The real worry about these technologies is the emphasis on intelligence rather than other characteristics of human beings. AI is an attempt to reproduce superintelligent humans. It chooses one aspect of human beings, namely this vague idea called intelligence, and artificially magnifies it to an extent that allows the machine to do things far better than humans can. The success of these machines only reinforces the success of a particular view of human beings: not their vulnerability and finitude (characteristics that have catalysed so much of great music, art and literature), but largely some calculative capacity.
Purely intelligent creatures, whether people or machines, are bad for humanity. The restricted meaning of intelligence in AI is that associated with superlative memory, calculative power, decision-making capacity, high speeds of action, etc. These machines thus become superbeings, and a society filled with many superbeings is a recipe for disaster.
Being human is not about superintelligence and super capacity. It is about living with others and learning to live within our limitations. Vulnerability, decay and death characterise any living form. AI machines are a mirror to our desire for immortality and absence of human weaknesses. There is nothing wrong in this desire per se, but building surrogate machines is not the way to achieve this.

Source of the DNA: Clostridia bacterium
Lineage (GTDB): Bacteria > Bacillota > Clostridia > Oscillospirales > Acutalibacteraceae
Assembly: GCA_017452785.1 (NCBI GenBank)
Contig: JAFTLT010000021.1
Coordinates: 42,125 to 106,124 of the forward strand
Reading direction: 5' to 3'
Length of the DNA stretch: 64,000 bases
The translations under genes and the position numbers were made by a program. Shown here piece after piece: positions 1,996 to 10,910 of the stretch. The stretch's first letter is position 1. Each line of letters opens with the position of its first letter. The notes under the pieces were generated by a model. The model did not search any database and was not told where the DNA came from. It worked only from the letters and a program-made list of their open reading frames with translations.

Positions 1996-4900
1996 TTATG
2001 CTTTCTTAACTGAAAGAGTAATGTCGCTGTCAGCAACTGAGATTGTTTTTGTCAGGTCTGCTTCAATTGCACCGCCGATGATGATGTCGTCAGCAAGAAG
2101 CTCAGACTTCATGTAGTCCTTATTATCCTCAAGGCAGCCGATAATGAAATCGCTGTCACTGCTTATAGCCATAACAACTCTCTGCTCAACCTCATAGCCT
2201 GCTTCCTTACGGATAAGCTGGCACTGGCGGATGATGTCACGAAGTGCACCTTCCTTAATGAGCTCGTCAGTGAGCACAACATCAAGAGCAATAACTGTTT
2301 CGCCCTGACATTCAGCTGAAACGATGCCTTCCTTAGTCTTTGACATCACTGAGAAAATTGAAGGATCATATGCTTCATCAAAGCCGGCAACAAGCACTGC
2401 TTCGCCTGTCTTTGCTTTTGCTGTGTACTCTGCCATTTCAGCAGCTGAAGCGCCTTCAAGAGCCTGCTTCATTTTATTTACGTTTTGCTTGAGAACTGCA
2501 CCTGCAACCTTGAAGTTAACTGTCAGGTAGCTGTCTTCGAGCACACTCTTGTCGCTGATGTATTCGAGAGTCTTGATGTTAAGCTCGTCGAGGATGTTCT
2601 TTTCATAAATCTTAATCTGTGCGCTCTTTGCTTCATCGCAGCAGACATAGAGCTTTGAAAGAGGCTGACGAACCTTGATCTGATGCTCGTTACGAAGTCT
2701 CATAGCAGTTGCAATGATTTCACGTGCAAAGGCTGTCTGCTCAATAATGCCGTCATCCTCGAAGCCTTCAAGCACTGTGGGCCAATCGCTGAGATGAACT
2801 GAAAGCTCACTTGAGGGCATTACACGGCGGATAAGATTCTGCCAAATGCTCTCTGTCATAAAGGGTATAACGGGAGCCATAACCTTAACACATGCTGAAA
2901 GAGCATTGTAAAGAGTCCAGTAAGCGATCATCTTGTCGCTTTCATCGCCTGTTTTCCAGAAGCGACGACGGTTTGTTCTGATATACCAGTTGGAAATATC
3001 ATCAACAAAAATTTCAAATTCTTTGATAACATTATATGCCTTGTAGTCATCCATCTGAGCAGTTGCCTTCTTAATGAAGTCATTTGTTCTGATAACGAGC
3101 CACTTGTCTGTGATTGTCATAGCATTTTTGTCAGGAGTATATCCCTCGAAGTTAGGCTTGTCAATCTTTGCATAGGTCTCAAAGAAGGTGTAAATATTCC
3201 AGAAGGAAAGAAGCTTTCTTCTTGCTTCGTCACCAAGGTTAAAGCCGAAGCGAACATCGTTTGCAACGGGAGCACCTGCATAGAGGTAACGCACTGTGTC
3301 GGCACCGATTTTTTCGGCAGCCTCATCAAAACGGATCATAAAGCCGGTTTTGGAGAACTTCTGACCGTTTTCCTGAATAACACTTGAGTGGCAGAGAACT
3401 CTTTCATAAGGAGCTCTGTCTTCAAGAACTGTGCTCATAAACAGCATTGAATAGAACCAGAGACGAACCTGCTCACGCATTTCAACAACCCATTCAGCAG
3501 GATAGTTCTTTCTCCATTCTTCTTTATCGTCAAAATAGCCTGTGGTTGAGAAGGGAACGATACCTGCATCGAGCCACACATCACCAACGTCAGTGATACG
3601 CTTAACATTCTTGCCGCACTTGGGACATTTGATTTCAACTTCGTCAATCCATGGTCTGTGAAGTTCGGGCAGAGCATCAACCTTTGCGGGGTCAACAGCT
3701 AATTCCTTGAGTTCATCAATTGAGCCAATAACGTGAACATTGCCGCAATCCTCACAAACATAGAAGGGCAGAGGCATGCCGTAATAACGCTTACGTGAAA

AI has not been used to get rid of poverty, to have more equitable distribution of wealth, or to make people more content with what they have. The types of AI we have, including war machines, will primarily be dictated by profit for the companies that make them. Is this what we need? It would be a sad world where ‘life’ forms come into existence based on the logic of profit.
Unlike a gun, the AI machine is a performer in itself. To think that such machines will be subservient to us all the time is wishful thinking. We haven’t learnt anything about the master-slave relation if we think that these machines are only meant to be our ‘slaves’ which make our lives ‘easier’. All technologies come with a cost (not just economic but also social and psychological) and we have very little idea of the cost that AI will extract from us. Most worryingly, these thinking machines, which are smarter than us, will know exactly how to manipulate us to the extent that we will not be able to see their negative effects….
Sundar Sarukkai is a professor of philosophy at the National Institute of Advanced Studies, Bengaluru